Monday, July 10, 2017

Puerto Rico is an organized criminal enterprise, much like the modern-day mafia.

Commentary: Is the Congressional Natural Resources Committee a ship of fools?
Published on July 4, 2017
By Richard Lawless

Look no further than their solution for the Puerto Rico financial meltdown.

In June of 2016, the Puerto Rico Oversight, Management, and Economic Stability Act (PROMESA) was created by Congress, through the Natural Resources Committee, as a proposed solution for the financial crisis in Puerto Rico.
The Act reversed decades of case law protecting creditors and investors alike. The Act’s extraordinary measures put a temporary hold on all lawsuits and confiscated the investors bonds without just compensation.

Prior to the passing of the PROMESA legislation all members of the Congress and Senate were made aware that there was likely massive fraud and corruption associated with the issuance of the islands $70 billion dollars in bonds. Rather than hold the issuing agencies, the ratings agencies and the major Wall Street banks accountable, they threw the innocent bond investors under the bus.

To add insult to injury, Puerto Rico had a long and well know legacy of corruption and theft.

Between 2005 and 2010, more than 1,700 Puerto Rico police officers were arrested for crimes including murder, assault, theft, domestic violence, and drug trafficking.

Puerto Rico has a very small police force. Could you image 1,700 police officers in Chicago being arrested? Okay, maybe not the best example given Chicago’s reputation. How about 1,700 officers in Rhode Island? You get my point.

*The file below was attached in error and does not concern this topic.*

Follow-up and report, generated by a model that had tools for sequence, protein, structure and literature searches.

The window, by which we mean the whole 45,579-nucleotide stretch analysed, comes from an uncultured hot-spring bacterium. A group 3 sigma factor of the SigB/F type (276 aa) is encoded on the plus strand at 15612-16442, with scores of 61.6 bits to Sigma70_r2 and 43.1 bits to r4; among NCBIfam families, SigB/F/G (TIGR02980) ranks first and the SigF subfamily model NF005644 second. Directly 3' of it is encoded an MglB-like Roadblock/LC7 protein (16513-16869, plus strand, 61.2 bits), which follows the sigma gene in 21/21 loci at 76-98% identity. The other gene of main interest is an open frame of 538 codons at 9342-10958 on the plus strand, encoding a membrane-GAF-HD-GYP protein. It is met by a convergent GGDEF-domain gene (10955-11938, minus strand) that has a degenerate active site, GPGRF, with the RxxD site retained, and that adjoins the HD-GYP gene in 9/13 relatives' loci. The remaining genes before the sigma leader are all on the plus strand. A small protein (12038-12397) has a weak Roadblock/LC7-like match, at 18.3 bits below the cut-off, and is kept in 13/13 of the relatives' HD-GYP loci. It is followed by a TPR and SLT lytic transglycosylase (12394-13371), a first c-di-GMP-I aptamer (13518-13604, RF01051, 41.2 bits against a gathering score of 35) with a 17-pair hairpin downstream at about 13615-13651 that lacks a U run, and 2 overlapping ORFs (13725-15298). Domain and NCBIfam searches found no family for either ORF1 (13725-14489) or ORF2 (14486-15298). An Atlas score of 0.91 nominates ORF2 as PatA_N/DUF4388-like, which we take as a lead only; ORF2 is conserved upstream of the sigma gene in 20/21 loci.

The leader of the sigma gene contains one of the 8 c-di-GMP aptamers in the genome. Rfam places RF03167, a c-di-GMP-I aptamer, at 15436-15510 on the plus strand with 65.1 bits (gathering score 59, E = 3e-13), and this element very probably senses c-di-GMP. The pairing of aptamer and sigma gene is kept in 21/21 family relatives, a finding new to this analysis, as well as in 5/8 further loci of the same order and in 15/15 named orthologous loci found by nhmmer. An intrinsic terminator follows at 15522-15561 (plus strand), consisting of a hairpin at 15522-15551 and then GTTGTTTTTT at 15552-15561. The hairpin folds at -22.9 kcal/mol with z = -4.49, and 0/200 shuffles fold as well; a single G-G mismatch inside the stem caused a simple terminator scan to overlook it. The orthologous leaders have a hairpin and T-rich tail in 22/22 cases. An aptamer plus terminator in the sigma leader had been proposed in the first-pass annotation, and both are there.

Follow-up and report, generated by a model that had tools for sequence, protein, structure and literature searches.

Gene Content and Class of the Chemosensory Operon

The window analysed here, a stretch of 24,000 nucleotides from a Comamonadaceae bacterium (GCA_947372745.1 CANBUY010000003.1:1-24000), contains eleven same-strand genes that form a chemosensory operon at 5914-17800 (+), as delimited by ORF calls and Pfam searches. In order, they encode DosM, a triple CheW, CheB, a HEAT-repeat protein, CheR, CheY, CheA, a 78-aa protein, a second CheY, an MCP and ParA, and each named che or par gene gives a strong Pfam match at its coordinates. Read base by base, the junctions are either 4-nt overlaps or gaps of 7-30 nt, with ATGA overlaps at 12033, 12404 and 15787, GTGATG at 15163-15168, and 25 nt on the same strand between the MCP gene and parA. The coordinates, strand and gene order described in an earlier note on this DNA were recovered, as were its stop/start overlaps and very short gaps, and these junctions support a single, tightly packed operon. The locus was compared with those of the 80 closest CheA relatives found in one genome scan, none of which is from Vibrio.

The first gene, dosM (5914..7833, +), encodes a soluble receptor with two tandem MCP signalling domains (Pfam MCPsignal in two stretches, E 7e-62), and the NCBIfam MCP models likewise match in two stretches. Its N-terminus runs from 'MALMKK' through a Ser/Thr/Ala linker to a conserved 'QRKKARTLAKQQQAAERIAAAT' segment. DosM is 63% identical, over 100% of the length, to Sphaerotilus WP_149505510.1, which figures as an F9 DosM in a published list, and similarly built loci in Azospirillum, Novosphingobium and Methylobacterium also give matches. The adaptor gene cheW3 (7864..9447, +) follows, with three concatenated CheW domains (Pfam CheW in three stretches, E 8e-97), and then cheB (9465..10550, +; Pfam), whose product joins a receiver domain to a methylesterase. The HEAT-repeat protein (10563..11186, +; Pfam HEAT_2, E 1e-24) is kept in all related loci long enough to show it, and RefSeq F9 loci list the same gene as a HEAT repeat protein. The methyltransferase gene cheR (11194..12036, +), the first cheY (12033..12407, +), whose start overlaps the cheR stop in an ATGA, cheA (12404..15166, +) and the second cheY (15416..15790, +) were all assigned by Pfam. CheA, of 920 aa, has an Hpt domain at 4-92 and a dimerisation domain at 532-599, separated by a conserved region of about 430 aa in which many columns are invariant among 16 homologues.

In 2013 Puerto Rico places 33rd in an international corruption index. A score of 33 worldwide signifies a country that is very corrupt. In 2016 Transparency International ranked Puerto Rico as “very corrupt”.

FBI arrested nine other Puerto Rican businessmen and officials in December 2015 as part of an ongoing FBI corruption investigation into Padilla’s government. At the time of their arrests,
FBI special agent for San Juan, Carlos Cases, issued a scathing indictment of Puerto Rico’s government and the role corruption played in driving it to the brink of default, stating, “Unfortunately, this is one more case of graft, greed, and corruption that over the last 20 years have contributed to the government of Puerto Rico's fragile economic condition and [placed it] on the brink of bankruptcy… Let there be no doubt this is only the beginning and the investigation will continue.”
I could go on for 30 pages. This information was widely available and reported in all the major papers.

Many of the individuals assigned to Puerto Rico’s Fiscal Board, the organization charged with implementing the PROMESA legislation contributed much to Puerto Rico’s financial collapse. It should come as no surprise than that the Fiscal Board is now violating the PROMESA legislation to protect Puerto Rico’s legacy of corruption and theft. Many on the Fiscal Board are having a good belly laugh at how stupid our congressmen are.
Puerto Rico is an organized criminal enterprise, much like the modern-day mafia. Our congressmen knew that but still rushed to their rescue on the back of American tax payers. Now our congressmen are busy throwing hundreds of millions in aid at Puerto Rico, money that will never be accounted for or find its way to the Puerto Rico people.
Richard Lawless is a former senior banker who has specialized in evaluating and granting debt for over 25 years. He has a Master’s Degree in Finance from the University of San Diego and Bachelor’s Degree from Pepperdine University. He sits on several corporate boards and actively writes for several finance publications. Reference material is available at .